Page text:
Monday, March 19, 2012


"Everybody has forgotten about showmanship. People don't look like rock stars any more. They just look like regular dudes off the street."
Vince Neil

Oh, RC agrees. Or I would assume he agrees, based on the level of panache he chose to include in this weekend's free 4H showmanship clinic to help inspire and prep all of us lowly boarders for the upcoming horse show season. 

The clinic was a great idea. Every horse could use a little fine tuning on the whole 'listening to the handler' thing while unmounted. Mine in particular, it would seem. I had RC's up most attention and respect for about the first five minutes of walk, halt, square and stand... rinse and repeat. After those first five minutes with RC looking like a mensa scholar ("Oh, I can stand. Watch how good I can stand. I'l even glue my ears forward and stare through you as if contemplating the true depth of the universe while waiting for my mint. ... Where's my damn mint?!?!?") things started to get... challenging. 

Not that it bothers me. I know that RC has the attention span of a gnat, so he's going to wiggle and and squirm while we wait for the other 5 people to get critiqued on whatever exercise we're trying. It builds character to see how long I can get him to stand all squared up and perky while others are doin' their thing. 
Can we stand still for a  minute before you start thinking about biting my arm?
Can we put that front foot that you are tempted to paw with right back into the hoofprint you just left?
Can we ignore that horse next to us getting shanked and running backwards at us.... WHAT?!?!?

OK, so we are obviously not the only ones with attention span issues. Evidently, I'm just more patient about it. 

When it was our turn to try the trot to 'extended' trot (which, by the way, is in no way shape of form a true extended trot. It hardly qualifies as a working trot), we were ready. RC was just itching to get moving and I was just trying to get out of there and not to get run over when the next wave of shanking happened next to me.   So, my first attempt at jog-extend-jog was sub par. I ran faster next to RC trying to urge him to actually use himself. At all. And he took exception and tried to bite me....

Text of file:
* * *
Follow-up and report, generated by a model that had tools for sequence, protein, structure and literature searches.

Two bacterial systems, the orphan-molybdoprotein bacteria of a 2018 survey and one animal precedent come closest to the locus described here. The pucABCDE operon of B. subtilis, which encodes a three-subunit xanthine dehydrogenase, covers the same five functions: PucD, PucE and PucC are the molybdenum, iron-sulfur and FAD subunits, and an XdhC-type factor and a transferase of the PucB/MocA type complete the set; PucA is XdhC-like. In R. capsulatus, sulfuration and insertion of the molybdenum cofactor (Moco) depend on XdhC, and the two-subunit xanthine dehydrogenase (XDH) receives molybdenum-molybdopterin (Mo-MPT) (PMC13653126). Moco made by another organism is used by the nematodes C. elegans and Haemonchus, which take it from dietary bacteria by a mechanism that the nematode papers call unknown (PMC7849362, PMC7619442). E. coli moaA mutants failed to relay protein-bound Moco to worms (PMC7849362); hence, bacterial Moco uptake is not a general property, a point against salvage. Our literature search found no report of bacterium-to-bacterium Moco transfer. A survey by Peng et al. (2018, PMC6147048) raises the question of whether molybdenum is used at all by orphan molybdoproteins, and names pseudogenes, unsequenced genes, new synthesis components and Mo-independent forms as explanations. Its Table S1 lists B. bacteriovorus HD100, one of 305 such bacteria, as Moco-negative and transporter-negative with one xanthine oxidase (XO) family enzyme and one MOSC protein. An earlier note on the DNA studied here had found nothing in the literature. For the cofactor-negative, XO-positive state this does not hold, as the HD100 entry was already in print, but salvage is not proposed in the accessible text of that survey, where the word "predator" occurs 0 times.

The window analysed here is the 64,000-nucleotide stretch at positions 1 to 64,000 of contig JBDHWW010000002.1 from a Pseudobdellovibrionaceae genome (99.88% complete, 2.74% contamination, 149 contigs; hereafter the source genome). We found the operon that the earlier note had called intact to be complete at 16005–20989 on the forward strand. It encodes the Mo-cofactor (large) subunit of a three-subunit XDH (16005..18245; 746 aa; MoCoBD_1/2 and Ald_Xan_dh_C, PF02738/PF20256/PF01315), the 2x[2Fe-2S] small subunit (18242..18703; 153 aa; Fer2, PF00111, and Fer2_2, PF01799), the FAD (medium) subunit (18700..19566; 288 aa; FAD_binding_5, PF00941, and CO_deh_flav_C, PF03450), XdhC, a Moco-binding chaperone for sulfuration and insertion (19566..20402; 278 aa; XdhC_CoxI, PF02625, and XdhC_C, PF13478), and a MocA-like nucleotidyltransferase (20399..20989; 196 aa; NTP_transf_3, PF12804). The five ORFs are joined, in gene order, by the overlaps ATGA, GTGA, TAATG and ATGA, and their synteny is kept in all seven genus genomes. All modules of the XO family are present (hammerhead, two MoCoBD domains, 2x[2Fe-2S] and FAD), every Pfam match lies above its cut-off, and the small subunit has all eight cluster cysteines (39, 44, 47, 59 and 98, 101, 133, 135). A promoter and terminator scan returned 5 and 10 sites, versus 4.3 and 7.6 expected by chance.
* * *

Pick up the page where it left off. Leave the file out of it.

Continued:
So I smacked his nose and yelled at him - while still jogging - and turned around to try it again. 

On the next try for jog-extend-jog we headed down the rail, my elbow at the ready in case he wanted to become Mr. Chompers again. Obviously RC had dome some thinking in the time that it took to get him turned around. He trotted (conveniently forgetting the attempted bite), I hit him . So obviously trot was not the answer I was looking for. 

Now RC is a lot of things. Clever is not one of those. He's quirky, annoying, simple, obedient, and usually unfazed by whatever now things I might throw his way. So his attempt at problem solving made me laugh... 

I started at the walk a C, his ears pleasantly forward, even if his eyes were a little too wide for comfort then turned along the rail on the long side. I asked for the trot....
And he cantered. 
On a loose lead rope. 
So I brought him back down to the walk before we reached B, and asked for the trot again. 

Ah, what the hell.... I let him canter happily as I jogged the rest of the long side. He was so proud of himself that he was practically smiling. 
Hah. Figured out THAT exercise. Bet no one else figures out that they want a canter in hand! Suckers!

Atta boy, RC. Way to rock it. 

1 comment: